Yes, you should put your sarcasm aside.

(1)     Even if we assumed that every licensed copy of
FrameMaker Macintosh were to immediately upgrade to a
new MacOS X version of FrameMaker and even if you
grew that number by 50%, the numbers just are not there
to justify the investment.

(2)     Your "business plan" to turn FrameMaker into a
word processor and bundle it with some spreadsheet and
presentation program as well as a stripped-down copy
of Illustrator sounds similar to such successful plans
such as those associated with WordPerfect and IBM's
Lotus group. Don't think so!

        - Dov

> -----Original Message-----
> From: Paul Findon
> Sent: Sunday, February 25, 2007 1:30 PM
> To: Free Framers List; framers at
> Subject: Re: Frame's future
> On 21 Feb 2007, at 16:28, Dov Isaacs wrote:
> > Comparing the Macintosh version of FrameMaker to a Ford
> > Taurus is not a valid analogy. FrameMaker on Macintosh was
> > NEVER a best-seller. It was a very small fraction of the
> > FrameMaker user base, smaller than even Unix, that did not
> > justify the continued expense of development, QA, support,
> > and marketing -- especially given the cost of major changes
> > to make it MacOS X-compatible.
> For a company with 2006 sales of $2.5 billion, net profit of $505  
> million (would have been higher without Macromedia merger), and  
> assets of $5.9 billion, one could almost feel sorry for Adobe.
> Apparently, Adobe's CEO earned $930,000, with a $1 million bonus.  
> That's the kind of cash I regularly loose down the back of the sofa,  
> so I can really sympathize.
> Sarcasm aside, Adobe cannot deny that it is partly to blame for poor  
> sales of FrameMaker - on all platforms. Those of us that have been  
> FrameMaker users for near on 20 years are fully aware of Adobe's  
> failure to develop, promote, and deliver on its potential since  
> buying Frame Technology in 1995.
> Mac OS X was announced in 1998. At that time, my company was still  
> using version 5.5.6. Having used FrameMaker on NeXTSTEP for several  
> years, I knew that Mac OS X would be a great OS and I wanted it for  
> my company. We've never been that quick to upgrade, and knowing full  
> well that Mac OS X was just around the corner was a good reason to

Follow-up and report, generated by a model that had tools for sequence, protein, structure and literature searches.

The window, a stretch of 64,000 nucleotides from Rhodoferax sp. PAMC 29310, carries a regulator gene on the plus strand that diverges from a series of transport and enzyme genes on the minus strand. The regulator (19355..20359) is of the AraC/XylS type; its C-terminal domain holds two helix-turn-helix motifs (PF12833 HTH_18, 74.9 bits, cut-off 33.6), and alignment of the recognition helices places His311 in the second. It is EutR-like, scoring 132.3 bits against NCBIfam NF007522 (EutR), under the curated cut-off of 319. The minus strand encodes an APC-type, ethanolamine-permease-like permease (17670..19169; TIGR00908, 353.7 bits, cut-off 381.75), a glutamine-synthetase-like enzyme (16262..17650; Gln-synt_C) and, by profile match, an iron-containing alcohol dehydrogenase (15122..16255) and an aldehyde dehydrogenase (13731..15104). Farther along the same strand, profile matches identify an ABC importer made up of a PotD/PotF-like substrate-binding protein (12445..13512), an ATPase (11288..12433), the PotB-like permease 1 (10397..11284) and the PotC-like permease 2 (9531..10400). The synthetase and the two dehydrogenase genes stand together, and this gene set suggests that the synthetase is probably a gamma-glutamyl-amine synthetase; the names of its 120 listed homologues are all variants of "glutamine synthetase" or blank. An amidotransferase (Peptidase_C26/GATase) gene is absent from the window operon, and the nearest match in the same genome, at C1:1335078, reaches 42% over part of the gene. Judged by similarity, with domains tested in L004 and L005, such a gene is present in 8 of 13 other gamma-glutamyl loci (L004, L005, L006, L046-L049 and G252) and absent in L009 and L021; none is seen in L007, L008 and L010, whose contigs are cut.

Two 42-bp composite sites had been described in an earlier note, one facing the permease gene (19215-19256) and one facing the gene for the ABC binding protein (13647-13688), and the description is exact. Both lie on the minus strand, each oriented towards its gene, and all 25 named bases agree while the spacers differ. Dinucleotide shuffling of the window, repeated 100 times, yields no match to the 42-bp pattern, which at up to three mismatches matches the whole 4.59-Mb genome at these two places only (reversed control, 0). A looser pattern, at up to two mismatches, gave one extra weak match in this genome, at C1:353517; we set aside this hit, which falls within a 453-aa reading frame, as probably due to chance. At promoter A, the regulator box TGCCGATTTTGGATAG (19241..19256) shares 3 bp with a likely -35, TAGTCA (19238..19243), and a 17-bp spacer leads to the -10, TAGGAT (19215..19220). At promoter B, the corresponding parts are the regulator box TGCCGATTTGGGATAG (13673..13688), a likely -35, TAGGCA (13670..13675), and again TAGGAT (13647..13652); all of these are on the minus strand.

> wait, for in just a few years, or so we thought, we'd have 
> the power,  
> reliability, and style of NeXTSTEP on the Mac and FrameMaker to go  
> with it. Several versions of Mac OS X came and went but still we  
> waited. Then, out of the blue, in March 2004 Adobe announced that it  
> was discontinuing Mac FrameMaker and there were no plans for 
> a Mac OS  
> X version.
> Given those circumstances, it's hardly surprising that Mac 
> FrameMaker  
> sales were slow. Fast forward to 2006 and we see exactly the same  
> thing happening all over again, although this time Adobe 
> acknowledges  
> that sales of Creative Suite are slow because users are waiting for  
> an Intel version. See Adobe's latest F10K filing for details.
> Funny how Adobe accepts poor sales of Creative Suite are due to  
> customers waiting for an Intel version, but won't acknowledge that  
> Mac FrameMaker sales were slow because users were waiting for a Mac  
> OS X version. The demand was there, but Adobe never made the 
> product.  
> How can you blame customers for not buying a product that never even  
> existed? You don't need a business degree to understand that this is  
> simple chicken and egg stuff. It would be like Apple saying, "oh, we  
> never made an MP3 player because there was no demand." Sometimes, a  
> company has to create the demand, build a market, things that Adobe  
> did not do with FrameMaker.
> Adobe could have pushed FrameMaker as a 1st class word processor and  
> cut the price. Throw in a spreadsheet, a cut-down version of  
> Illustrator, and a Powerpoint alternative and you have a whole new  
> office platform. With Microsoft encroaching more and more into  
> Adobe's markets (i.e., Expression Studio), Adobe may soon be wishing  
> it had done something like this.
> Paul
> <>

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